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Dream

(Bi-mong)

North american Premiere

  • South korea 2008
  • 93 min
  • 35mm
  • Japanese/korean with English subtitles
North American Premiere
Official Competition, San Sebastian Festival 2008

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“The visuals... are stunning, the production design both minimalist and luscious” — Natasha Senjanovic, HOLLYWOOD REPORTER

Credits

Director: Kim Ki-duk
Screenplay: Kim Ki-duk
Cast: Jô Odagiri, Lee Na-yeong, Park Ji-a, Kim Tae-hyeon
Producers: Kim Ki-duk, Song Myung-chul, David Cho, Kai Naoki, Kunizane Mizue Kim Ki-duk Film
Distributor: Showbox

Description

Although they’ve never met, an mysterious connection exists between Jin (Jô Odagiri) and Ran (Lee Na-yeong). Not that the two strangers don’t have a few things in common—by day, both are tortured by broken hearts, and by night, each is haunted by vividly realistic nightmares, one of which leads Jin to his first encounter with Ran. After he dreams of being responsible for a car accident, he elects to visit the street he saw in his sleep, only to discover to his shock that the incident has actually occurred. Ran is the guilty party and she’s under arrest, claiming she passed out at the moment of impact and now can’t remember any of what happened. Jin is struck by the realization that his actions in his dreams are enacted for real by Ran. Running the risk of sleeping under such circumstances is unthinkable, and a solution to this waking nightmare must be found. Tangling matters up further, just as self-mutilation seems the only means of remaining awake, is the spark of new love…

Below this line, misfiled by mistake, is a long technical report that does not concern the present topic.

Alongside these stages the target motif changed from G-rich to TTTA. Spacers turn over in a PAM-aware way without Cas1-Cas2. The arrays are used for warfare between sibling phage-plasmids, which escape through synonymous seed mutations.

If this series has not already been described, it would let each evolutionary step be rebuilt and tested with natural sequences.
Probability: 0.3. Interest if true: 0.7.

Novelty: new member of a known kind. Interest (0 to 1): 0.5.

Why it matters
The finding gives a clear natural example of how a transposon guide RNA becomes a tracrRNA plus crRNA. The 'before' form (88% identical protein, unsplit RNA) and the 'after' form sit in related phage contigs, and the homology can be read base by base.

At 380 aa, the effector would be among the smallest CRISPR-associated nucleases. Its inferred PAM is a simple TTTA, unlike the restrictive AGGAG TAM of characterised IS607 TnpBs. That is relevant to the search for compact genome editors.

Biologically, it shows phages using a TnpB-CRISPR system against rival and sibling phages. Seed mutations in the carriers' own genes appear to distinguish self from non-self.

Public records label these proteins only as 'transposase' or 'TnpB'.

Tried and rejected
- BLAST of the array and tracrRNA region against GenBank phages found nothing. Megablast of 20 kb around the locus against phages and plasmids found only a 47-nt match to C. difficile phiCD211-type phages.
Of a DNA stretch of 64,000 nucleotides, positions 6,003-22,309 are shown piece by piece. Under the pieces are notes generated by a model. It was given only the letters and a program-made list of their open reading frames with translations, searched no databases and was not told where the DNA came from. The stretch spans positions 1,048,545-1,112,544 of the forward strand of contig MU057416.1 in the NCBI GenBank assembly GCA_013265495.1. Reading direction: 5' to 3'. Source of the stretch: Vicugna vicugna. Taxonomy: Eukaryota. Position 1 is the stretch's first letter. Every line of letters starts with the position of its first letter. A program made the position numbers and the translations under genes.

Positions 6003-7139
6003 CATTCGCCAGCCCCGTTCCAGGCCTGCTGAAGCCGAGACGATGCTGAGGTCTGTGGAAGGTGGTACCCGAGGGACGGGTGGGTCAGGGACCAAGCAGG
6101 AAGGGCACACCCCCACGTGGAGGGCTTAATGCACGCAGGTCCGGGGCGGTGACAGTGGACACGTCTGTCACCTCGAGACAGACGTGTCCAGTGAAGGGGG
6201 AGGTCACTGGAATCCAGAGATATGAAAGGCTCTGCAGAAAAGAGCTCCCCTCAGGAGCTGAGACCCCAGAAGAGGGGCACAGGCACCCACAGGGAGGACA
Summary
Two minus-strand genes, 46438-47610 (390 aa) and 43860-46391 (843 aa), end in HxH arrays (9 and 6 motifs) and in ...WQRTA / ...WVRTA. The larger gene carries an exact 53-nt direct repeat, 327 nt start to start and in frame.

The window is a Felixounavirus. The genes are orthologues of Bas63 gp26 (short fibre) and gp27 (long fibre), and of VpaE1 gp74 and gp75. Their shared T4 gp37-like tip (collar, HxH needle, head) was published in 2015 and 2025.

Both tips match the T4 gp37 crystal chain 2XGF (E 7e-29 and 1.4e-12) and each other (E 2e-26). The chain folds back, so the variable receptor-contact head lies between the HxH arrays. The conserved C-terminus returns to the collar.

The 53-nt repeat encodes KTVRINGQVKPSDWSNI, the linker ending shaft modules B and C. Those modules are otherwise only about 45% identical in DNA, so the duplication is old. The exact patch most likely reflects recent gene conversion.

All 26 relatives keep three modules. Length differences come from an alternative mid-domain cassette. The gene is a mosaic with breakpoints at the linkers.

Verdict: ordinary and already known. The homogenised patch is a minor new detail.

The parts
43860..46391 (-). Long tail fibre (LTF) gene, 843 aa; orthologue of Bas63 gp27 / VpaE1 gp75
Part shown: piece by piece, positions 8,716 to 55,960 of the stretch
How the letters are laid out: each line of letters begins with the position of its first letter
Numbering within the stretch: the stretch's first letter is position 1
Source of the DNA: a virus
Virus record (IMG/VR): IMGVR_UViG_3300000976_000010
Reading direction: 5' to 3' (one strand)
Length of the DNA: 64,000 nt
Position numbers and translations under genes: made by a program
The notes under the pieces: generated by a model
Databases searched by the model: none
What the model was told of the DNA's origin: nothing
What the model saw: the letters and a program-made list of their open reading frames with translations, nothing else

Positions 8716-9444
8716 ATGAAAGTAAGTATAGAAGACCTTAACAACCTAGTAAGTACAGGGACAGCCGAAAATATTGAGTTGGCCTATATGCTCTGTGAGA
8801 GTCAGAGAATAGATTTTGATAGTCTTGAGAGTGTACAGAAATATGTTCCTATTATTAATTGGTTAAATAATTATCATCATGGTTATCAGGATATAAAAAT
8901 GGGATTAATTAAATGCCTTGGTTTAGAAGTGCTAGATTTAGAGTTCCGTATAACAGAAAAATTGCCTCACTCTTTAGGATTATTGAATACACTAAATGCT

Kim Ki-duk’s fifteenth film, DREAM, is the celebrated Korean director’s first foray into the fantastic. Newcomers and longstanding admirers alike will rejoice at the new direction the visionary filmmaker has taken, as it allows him to go even further in his exploration of his favourite themes. As he’s known for doing, Kim crafts a violent and tragic love story, a tale of a couple at once united and crushed by an inexplicable curse. Their descent into hell will freeze your blood, bring tears to your eyes and have you praying for their impossible redemption. Stepping into the realm of dreams, Kim also offers a striking encounter between East and West as he weds Freudian dementia to Buddhist imagination. The art direction is sumptuous as usual—every scene in DREAM suggests the hand of a perfectionist in its composition, resplendent with a spectrum of vibrant colours. After bowling over both the jury and the general public at Fantasia last year with his turn in ADRIFT IN TOKYO, Jô Odagiri returns with a complete about-face, delivering a performance brimming with rage and pain. Visceral, thought-provoking and subversive, DREAM is a new opus, nothing less than unmissable, from a major auteur of contemporary cinema.

—Simon Laperričre (translated by Rupert Bottenberg)

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